Danish Gin from Copenhagen
Elg Gin No. 1 from Stone Grange Craft Distillery, north of Copenhagen in Denmark has only 3 botanicals ~ loud theatrical gasp! In this day and age how can any gin worth its botanicals have only 3 of them to boast about?
Henrik Elsner, the Danish creator of Elg Gin is a former biochemist so one would assume he knows his stuff when it comes to choosing and mixing botanicals. Experimenting with distillation techniques via brandy he eventually arrived at gin.
Using pure wheat spirit, unusually he distils each botanical separately using a column still, before blending the result to produce Elg Gin No.1 (There is also a No.2, No.3 and No.4). After each run, ever the scientist, Henrik samples his distillate in his laboratory to ensure consistent quality.
Juniper and coriander are the obvious choices. But Danish carrot? Surprisingly yes. Henrik sources his carrots locally in true craft distilling style and uses the whole carrot, green tops and all in the process. He uses fresh carrots and has just 2 months, July and August, to distil his gin. Quite a tight window, even for a craft distiller relying on local ingredients.
Gin No.2 is an Old Tom style gin with the same 3 botanicals as No.1. No.3 is a Navy strength gin at 57.2%, again using the signature 3. Elg Gin No.4 is crafted with black carrots giving it a pinky-purple colour. I feel a theme coming on.
Henrik’s gins have won awards for his patience and diligence, including a double gold at last year’s CWSA Best Value Results.
The bottle is a good solid shape with a bit of a lip. This is quite handy for hooking over the glass when you pour to catch any dribbles. The stopper makes a loud pop when opened. I’m easily pleased so do it a few times. There is also a rather nice branding on top of the wooden stopper too. And the labels in batches of 1400 are signed by Henrik himself, which is a nice touch.
Well, with only 3 botanicals Elg Gin No.1 is not going to have a very complex aroma. Juniper obviously. Slight coriander dulling the juniper and a background earthy sweetness which presumably is the carrot.
Neat the gin is a rather tasty juniper. I was expecting it to be quite bland but there is complexity here, even at a slightly eye-watering 47.2%. The taste is clean and light with a surprisingly long finish of juniper.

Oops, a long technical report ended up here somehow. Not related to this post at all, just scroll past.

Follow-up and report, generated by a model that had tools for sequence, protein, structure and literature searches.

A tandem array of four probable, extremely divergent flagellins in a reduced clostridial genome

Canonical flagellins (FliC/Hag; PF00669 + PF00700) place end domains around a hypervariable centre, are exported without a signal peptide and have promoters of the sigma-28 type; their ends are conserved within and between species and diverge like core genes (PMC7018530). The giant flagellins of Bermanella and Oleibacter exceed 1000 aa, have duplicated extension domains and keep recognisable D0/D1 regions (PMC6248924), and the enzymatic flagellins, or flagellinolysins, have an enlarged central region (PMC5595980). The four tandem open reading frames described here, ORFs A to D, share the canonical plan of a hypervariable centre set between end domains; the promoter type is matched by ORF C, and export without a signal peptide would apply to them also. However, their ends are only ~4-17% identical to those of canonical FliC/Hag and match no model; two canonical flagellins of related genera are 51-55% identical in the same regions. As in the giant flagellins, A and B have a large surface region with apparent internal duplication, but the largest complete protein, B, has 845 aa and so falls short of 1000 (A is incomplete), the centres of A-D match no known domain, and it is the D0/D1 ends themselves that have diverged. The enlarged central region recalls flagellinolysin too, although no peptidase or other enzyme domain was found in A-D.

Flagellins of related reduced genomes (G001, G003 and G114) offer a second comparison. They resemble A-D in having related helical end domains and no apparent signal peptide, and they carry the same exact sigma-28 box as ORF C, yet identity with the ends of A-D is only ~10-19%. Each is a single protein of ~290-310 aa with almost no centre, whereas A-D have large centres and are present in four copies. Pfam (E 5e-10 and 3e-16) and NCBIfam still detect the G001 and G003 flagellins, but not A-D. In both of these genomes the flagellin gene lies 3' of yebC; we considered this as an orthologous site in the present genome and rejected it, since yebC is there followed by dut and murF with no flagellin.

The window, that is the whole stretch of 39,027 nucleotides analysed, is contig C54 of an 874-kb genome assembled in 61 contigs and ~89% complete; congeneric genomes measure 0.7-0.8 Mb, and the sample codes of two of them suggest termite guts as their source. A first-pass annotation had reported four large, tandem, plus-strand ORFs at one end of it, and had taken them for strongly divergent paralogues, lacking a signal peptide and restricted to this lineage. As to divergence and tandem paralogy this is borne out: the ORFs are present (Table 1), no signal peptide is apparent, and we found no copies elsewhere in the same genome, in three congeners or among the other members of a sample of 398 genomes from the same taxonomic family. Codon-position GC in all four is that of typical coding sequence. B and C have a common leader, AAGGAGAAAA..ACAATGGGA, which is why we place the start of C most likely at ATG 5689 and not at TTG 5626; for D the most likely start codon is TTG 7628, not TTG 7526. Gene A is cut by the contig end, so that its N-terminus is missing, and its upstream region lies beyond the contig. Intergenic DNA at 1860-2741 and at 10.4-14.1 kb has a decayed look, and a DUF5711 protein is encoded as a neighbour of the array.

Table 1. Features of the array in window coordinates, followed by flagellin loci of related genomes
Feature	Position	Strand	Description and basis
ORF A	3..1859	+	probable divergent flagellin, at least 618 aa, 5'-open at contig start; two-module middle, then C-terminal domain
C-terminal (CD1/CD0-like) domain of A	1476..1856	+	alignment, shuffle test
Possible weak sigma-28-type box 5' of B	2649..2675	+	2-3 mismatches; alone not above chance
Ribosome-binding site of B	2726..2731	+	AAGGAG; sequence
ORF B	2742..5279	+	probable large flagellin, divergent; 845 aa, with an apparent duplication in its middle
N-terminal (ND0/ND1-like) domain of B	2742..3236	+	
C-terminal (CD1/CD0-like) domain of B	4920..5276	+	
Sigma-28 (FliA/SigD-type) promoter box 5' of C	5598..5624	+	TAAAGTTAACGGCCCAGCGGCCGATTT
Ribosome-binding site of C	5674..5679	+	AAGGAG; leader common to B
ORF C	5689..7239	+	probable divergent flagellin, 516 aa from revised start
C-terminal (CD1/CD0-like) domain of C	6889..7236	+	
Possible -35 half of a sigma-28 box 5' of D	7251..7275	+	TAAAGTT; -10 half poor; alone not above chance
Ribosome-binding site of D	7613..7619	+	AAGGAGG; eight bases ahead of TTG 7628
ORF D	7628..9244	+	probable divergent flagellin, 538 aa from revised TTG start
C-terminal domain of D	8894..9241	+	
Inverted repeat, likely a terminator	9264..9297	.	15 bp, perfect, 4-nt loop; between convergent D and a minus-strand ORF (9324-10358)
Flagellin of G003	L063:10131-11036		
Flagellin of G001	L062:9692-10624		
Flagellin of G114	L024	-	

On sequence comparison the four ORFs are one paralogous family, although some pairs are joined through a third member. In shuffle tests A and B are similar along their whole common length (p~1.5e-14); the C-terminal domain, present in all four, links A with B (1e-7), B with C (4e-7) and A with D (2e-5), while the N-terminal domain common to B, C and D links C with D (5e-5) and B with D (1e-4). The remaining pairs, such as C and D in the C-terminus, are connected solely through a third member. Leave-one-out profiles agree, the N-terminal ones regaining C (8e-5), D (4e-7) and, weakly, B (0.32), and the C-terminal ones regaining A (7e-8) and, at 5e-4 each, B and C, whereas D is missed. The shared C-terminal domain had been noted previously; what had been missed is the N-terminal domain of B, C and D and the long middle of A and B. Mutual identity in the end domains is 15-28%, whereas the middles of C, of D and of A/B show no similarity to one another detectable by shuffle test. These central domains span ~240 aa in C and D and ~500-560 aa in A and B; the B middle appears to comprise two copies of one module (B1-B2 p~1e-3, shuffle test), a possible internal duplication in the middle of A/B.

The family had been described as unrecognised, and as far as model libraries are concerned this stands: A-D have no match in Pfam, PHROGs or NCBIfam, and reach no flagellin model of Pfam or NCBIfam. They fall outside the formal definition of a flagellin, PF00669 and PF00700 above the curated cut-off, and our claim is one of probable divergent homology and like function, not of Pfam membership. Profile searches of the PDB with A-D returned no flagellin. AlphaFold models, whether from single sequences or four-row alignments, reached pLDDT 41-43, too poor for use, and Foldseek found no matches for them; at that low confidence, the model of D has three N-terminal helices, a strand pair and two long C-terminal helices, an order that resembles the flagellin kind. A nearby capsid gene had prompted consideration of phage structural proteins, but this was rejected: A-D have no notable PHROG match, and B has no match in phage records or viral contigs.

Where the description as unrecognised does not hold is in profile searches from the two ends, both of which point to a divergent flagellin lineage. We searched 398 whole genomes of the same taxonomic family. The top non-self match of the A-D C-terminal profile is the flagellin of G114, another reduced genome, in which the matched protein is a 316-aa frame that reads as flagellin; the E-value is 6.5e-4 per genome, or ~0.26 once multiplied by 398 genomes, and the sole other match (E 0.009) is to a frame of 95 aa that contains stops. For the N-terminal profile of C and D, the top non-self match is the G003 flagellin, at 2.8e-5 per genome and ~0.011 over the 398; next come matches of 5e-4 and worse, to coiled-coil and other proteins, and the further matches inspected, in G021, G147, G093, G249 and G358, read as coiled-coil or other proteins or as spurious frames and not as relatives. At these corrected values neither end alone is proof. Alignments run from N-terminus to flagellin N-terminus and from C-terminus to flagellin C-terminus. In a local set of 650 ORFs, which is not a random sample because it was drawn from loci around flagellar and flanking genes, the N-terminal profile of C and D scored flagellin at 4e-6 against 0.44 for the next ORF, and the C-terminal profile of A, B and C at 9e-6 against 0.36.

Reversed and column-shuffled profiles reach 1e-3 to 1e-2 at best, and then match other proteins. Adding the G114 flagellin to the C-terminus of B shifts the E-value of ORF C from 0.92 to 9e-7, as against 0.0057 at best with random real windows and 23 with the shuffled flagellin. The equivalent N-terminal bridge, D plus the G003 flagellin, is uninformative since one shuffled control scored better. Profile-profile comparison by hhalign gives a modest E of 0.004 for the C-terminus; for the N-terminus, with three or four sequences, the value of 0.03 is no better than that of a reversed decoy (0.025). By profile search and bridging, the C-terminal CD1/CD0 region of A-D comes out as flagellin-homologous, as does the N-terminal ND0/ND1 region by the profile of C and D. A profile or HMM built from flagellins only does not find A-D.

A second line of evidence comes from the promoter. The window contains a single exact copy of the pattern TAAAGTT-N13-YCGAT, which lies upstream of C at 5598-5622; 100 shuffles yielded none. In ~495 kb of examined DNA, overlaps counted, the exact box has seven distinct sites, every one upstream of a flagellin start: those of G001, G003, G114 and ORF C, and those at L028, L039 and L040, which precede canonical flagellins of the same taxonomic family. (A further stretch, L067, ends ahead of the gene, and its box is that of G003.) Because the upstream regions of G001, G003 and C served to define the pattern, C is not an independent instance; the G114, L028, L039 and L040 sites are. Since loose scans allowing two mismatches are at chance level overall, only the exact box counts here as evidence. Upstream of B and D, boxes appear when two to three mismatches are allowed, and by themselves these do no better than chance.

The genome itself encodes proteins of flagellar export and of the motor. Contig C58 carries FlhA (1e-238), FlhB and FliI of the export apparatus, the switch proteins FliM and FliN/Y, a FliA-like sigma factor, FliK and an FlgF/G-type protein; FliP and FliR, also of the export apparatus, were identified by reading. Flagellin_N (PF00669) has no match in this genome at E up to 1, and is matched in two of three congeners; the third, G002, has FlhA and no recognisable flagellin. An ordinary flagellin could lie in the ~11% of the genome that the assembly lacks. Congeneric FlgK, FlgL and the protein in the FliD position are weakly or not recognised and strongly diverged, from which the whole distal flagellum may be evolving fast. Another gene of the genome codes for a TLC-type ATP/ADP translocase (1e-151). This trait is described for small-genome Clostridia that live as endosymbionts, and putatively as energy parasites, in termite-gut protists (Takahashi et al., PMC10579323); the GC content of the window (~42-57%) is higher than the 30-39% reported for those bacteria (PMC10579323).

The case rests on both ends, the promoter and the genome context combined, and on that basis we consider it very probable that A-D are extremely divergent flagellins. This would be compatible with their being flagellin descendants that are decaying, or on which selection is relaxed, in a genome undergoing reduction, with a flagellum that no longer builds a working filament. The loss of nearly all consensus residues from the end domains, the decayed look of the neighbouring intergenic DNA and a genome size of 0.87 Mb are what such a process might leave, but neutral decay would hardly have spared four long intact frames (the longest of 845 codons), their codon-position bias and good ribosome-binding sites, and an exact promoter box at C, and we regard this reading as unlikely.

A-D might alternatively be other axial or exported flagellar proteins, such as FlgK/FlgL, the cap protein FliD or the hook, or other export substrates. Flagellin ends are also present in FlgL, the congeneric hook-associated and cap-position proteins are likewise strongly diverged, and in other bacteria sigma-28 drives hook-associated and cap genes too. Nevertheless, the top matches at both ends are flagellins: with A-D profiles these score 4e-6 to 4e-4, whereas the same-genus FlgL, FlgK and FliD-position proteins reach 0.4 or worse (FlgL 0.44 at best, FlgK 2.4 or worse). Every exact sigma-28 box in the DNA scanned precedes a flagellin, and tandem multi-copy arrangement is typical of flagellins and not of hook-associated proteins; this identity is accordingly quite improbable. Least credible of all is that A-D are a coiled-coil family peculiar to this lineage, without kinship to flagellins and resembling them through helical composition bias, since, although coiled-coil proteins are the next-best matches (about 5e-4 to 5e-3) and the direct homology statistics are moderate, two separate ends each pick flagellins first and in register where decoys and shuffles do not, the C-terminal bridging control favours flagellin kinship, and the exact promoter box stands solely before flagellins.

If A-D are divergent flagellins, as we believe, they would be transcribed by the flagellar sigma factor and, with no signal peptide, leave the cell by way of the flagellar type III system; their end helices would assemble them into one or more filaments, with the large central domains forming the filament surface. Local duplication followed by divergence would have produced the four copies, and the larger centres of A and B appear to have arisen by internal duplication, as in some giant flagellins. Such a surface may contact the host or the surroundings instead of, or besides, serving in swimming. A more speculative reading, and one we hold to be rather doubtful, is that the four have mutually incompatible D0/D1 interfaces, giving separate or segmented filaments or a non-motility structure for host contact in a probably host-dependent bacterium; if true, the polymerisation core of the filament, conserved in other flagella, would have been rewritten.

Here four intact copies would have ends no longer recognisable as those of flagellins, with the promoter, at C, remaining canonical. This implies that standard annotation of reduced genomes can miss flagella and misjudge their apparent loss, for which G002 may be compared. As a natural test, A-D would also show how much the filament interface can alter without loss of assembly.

The carrot isn’t obvious but gives the juniper a hand in fending off coriander, which can be a bit of a bully. The gin is slightly sweet too. Again which could be attributed to the carrot.
The addition of a little water really punches out the juniper. And now I’m getting the coriander too. The sweet carrot seems to have almost disappeared, almost.
For a gin that has so few botanicals in its team, it certainly delivers on complexity. So I’m a happy bunny (no pun intended).
The bottle states that the gin becomes cloudy when diluted with water. An effect called louching, when the essential oils of the botanicals emulsify in the lowered alcohol content of the liquid. After adding water I didn’t see any hint of cloudiness. Perhaps I didn’t add enough water!
The recommended serve for Elg Gin No.1 is premium tonic, ice and slice. I paired it with Franklin & Sons Natural Light Tonic Water, which was perfect for this classic G&T combo.
The complex simplicity of this gin allows itself to be led off by the botanicals by a number of serves. I think Fever-Tree’s aromatic would be another good companion for this gin as would be Fentimans rose lemonade.
But then I have a tendency to pair those 2 with almost everything. Note to self: wean myself off rose lemonade.
As to the garnish, you could hardly garnish this gin with a carrot. Or could you?
Further information on this gin hop on over to Henrik’s website.